Alongside Kawagoe, Asakusa, and Yanaka, Shibamata is one of very few remaining spots in Tokyo where you can get a glimpse of the city how it once was during the Edo period (1603 – 1868). The area combines a charming old shopping street with a beautiful temple and garden.
Close to Shibamata Station (柴又駅) lies the beginning of the pedestrianised Taishakuten Sando (帝釈天参道) shopping street.
Lined with traditional wooden buildings the street is home to many small shops and restaurants.
We had some tasty freshly-cooked yakitori for lunch.
Opposite another stall selling some sort of offal wasn’t quite as appetising!
There are plenty of free samples on offer to entice customers.
These ladies were patiently hand cooking rice crackers.
At the far end of the street lies Shibamata Taishakuten (柴又帝釈天) temple which was founded in 1629.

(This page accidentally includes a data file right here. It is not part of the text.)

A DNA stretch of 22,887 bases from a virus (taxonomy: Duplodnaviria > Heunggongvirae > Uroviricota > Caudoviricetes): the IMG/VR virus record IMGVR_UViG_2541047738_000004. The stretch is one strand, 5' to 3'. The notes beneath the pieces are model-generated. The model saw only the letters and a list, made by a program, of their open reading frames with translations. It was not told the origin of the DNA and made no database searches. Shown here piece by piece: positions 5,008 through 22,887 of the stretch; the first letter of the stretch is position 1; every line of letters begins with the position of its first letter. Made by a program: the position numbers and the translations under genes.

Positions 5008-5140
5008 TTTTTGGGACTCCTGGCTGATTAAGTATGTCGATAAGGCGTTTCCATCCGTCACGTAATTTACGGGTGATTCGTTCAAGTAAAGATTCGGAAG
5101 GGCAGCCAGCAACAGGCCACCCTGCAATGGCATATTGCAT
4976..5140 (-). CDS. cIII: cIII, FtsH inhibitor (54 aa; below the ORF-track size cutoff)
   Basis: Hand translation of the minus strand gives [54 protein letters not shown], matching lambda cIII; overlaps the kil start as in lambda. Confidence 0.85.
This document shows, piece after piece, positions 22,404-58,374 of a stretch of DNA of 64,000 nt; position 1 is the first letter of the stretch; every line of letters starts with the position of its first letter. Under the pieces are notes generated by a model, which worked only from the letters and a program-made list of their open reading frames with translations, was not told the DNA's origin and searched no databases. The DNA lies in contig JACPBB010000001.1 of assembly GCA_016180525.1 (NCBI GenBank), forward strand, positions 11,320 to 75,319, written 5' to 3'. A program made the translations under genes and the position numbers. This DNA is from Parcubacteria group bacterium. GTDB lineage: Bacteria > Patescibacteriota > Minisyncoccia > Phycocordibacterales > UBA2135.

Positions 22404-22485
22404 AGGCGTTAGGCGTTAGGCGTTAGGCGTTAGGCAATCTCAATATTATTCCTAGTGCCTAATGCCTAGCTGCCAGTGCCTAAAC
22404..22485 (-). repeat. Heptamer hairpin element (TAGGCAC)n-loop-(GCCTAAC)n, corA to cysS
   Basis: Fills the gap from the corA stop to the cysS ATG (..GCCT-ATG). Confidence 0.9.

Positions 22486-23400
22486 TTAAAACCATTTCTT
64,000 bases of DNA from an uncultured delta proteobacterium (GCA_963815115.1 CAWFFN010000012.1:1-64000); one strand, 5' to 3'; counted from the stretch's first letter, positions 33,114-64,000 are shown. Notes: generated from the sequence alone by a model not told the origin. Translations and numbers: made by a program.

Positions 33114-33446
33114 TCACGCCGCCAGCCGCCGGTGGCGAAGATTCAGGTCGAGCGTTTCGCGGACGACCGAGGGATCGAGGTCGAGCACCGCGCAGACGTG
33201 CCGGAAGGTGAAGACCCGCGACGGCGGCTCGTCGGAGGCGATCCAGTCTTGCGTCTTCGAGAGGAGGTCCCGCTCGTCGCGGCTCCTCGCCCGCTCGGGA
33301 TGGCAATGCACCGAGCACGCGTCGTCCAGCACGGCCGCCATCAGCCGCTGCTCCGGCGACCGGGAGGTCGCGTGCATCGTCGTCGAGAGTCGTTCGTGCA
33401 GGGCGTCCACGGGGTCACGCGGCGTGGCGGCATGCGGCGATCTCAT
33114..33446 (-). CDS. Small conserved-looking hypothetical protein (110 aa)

There was a long queue of visitors praying for good luck in the year ahead.
Behind the temple lies a gorgeous landscaped garden.
Having taken your shoes off at the temple, a wooden covered walkway guides you in a loop around the garden.
The pond in the middle of the garden beautifully reflects the surrounding trees and pavilion.
The main temple building houses ten intricately carved zelkova-wood panels depicting scenes from the lotus sutra. To protect it a glass conservatory has been built around the out which visitors can enter for a closer look.